Summary and book reviews of Idaho by Emily Ruskovich

Idaho

A Novel

by Emily Ruskovich

Idaho by Emily Ruskovich
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  • Published:
    Jan 2017, 320 pages

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Book Reviewed by:
Lucia Silva

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Book Summary

From O. Henry Prize–winning author Emily Ruskovich comes a stunning debut novel about love and forgiveness, about the violence of memory and the equal violence of its loss.

Ann and Wade have carved out a life for themselves from a rugged terrain in northern Idaho, where they are bound together by more than love. With her husband's memory fading, Ann attempts to piece together the truth of what happened to Wade's first wife, Jenny, and to their daughters. In a story written in exquisite prose and told from multiple perspectives—including Ann, Wade, and Jenny, now in prison—we gradually learn of the mysterious and shocking act that fractured Wade and Jenny's lives, of the love and compassion that brought Ann and Wade together, and of the memories that reverberate through the lives of every character in Idaho.

In a wild emotional and physical landscape, Wade's past becomes the center of Ann's imagination, as Ann becomes determined to understand the family she never knew—and to take responsibility for them, reassembling their lives, and her own.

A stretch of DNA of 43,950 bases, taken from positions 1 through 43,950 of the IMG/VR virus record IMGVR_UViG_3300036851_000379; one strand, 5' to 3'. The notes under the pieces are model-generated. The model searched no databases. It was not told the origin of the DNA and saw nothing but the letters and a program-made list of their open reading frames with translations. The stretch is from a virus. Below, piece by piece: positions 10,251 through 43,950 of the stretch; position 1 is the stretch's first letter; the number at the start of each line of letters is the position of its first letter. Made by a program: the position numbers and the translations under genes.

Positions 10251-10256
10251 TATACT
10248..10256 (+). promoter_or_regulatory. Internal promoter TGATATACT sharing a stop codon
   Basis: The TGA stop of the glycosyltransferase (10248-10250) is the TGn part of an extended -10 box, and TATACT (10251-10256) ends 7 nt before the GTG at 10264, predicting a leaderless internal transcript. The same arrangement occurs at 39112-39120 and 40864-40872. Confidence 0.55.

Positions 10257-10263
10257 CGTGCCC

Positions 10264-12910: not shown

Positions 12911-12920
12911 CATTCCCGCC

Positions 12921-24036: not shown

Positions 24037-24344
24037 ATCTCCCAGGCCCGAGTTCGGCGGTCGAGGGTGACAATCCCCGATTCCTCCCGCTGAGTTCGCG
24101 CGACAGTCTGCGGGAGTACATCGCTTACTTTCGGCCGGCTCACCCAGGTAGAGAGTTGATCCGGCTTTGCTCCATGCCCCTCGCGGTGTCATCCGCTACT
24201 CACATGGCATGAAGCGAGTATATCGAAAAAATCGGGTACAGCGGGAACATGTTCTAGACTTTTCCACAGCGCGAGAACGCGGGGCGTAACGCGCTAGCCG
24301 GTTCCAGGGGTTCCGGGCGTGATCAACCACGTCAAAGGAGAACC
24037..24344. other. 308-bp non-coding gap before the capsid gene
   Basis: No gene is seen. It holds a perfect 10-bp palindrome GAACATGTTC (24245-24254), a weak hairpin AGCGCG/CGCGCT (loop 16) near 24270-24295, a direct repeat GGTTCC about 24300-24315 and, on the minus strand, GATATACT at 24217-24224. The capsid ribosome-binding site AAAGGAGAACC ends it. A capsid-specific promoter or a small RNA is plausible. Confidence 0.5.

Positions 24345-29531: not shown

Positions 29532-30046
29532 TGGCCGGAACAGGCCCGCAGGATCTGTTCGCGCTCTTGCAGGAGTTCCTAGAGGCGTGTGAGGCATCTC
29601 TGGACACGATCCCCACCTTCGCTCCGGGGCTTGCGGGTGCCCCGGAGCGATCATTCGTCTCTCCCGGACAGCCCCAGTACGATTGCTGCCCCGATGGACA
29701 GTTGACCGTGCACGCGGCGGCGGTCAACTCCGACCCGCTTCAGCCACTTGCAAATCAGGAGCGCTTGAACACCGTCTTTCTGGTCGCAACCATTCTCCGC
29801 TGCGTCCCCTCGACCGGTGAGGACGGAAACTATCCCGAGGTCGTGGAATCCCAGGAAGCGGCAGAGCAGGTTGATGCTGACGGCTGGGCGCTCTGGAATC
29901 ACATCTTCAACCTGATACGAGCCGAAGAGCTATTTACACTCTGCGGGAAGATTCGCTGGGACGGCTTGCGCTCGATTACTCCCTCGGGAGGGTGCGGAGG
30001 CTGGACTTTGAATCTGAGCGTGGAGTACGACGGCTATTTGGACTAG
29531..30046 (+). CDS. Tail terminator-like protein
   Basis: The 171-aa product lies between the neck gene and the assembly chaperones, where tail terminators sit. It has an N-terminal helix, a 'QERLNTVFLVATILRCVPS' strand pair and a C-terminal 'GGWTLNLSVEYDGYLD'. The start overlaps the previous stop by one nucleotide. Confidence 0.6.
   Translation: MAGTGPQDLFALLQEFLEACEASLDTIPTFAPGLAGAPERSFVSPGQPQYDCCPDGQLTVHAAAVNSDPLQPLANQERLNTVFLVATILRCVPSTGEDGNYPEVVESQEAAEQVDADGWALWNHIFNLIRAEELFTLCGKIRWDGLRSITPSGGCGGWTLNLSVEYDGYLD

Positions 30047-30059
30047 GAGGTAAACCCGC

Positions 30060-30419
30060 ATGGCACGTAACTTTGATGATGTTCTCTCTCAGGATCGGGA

2004

They never drove the truck, except once or twice a year to get firewood. It was parked just up the hill in front of the woodshed, where it collected rain in the deep dents on the hood and mosquito larvae in the rainwater. That was the way it was when Wade was married to Jenny, and that's the way it is now that he is married to Ann.

Ann goes up there sometimes to sit in the truck. She waits until Wade is busy, so that he won't notice that she's gone. Today, she comes here under the pretense of getting firewood, dragging a blue sled over the mud and grass and patches of snow. The woodshed isn't far from the house, but it's hidden from view by a stand of ponderosa pines. She feels like she is trespassing, like none of this is hers to see.

The truck is parked on a rare space of flat land, an unlikely shelf carved into the mountainside. In front of the woodshed, around the truck, a few loose bricks lie here and there in the grass and snow. Spindles of mangled...

Please be aware that this discussion guide may contain spoilers!
  1. Though at the novel's center is an act of shocking violence, this is also a story about many different kinds of love. What are these various forms of love? What role does love play in this novel, and how does love contribute to the feelings you are left with in the end?